And then the factory second conservatory kit(s) arrived. Even though I have no room.
Scarlett at least approves.
The front half in dry fit. (Keli helped solve a critical assumption error I had made on the roof.) I have spent the last two weeks or so happily researching, ideating, sketching and going through my considerably disorganized collections of accessories, materials and building components. My biggest challenge now is to get some work surfaces clear in the studio so I don’t have to work on my bed any more.
What happened was not anyone’s fault. It was not because of what the surgery team, or the hospital — or I — did or did not do. It was more just a clusterfuck of normal, acceptable and carefully calculated risks gone awry. Two weeks post-surgery, I ended up back in the hospital, via the emergency room.
I got some new bracelets and a gown, a mid-century scratch print in pale blue, gray and teal. I’m pretty sure we had the same fabric as curtains in our house in Santa Clara when I was a kid.
Here I was earlier in the day, patiently healing away, legs elevated to combat the cartoon-like swelling in my feet and legs, memory foam pillow held over my stomach with just the right amount of pressure to ease the mild, persistent nausea, likewise, ice pack on brow to numb the headache.
Unfortunately, inside my body was bleeding inappropriately and I was feeling inexplicably and increasingly crummy. Fortunately, my daughter, a nurse practitioner, was with me that day and recognized that something was seriously wrong. She coordinated with my doctors and we hied ourselves to the ER.
I wound up losing half of my blood volume and developed severe anemia (though it took eight hours of testing in the ER and two more days of various hospital tests to arrive at this diagnosis.)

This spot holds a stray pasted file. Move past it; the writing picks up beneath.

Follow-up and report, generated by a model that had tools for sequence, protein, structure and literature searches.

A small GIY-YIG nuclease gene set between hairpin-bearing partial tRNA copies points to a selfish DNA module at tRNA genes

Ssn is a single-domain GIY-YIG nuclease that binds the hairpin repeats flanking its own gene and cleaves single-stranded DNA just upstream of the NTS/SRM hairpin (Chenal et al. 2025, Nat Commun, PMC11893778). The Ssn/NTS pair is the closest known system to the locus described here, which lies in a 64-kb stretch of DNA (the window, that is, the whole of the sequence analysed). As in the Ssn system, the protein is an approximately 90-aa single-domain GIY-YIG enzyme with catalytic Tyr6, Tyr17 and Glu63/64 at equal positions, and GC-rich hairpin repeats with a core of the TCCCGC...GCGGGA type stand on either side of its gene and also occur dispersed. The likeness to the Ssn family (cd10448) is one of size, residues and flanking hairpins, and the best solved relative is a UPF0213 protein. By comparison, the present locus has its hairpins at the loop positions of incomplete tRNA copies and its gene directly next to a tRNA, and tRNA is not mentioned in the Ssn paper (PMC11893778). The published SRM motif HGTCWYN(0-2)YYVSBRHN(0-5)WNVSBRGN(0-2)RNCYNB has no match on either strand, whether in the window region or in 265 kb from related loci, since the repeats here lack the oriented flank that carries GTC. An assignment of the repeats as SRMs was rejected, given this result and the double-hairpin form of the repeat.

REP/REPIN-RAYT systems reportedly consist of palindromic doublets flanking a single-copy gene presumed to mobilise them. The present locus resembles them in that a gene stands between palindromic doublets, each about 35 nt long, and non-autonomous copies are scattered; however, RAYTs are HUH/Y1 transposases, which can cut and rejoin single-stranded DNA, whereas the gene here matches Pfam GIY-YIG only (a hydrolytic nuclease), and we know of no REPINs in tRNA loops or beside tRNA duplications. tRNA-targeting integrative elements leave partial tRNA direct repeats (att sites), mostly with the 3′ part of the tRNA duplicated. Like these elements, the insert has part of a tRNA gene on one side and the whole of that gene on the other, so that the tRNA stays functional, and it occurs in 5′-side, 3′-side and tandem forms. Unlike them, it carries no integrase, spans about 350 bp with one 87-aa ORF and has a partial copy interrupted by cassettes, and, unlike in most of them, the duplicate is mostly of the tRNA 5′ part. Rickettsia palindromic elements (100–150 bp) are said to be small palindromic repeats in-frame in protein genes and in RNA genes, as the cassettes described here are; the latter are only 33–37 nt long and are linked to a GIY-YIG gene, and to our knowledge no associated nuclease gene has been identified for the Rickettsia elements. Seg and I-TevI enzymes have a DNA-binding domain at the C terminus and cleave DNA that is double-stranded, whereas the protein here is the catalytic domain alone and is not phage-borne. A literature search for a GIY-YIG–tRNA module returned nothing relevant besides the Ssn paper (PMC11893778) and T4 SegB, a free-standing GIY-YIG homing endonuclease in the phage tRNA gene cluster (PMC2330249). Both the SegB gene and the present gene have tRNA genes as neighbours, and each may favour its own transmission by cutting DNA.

I was sad and frightened and angry and very uncomfortable that long first night, and Wheelie came out to keep me company. Also the hospital had shitty wifi.
After ruling out no embolisms, transfusing two units of blood, determining the internal bleeding had likely stopped, that my shortness of breath was getting longer, that there had been no damage done to my heart when it was trying to maintain me with half a blood supply, and that all other systems were, um, regular, I was released back out into the world.
Greetings from the other side! All the things went, and are going, very well! I took this silly hair picture to make Maddie laugh, and to feel connected. It’s a big ol’ dose of reality. I’m sharing it here to illustrate the relief I feel, and also because I think I look a bit like a vampire. Between the old reconstruction surgery scar on one side of my semi-smile, and the mildly different set of the recent tooth implant on the other side, there could totally be fangs in there. I am also taking a lot of prescribed medications, as you might expect after getting both of one’s hips replaced. And the reflections in my glasses is very 2001, yes?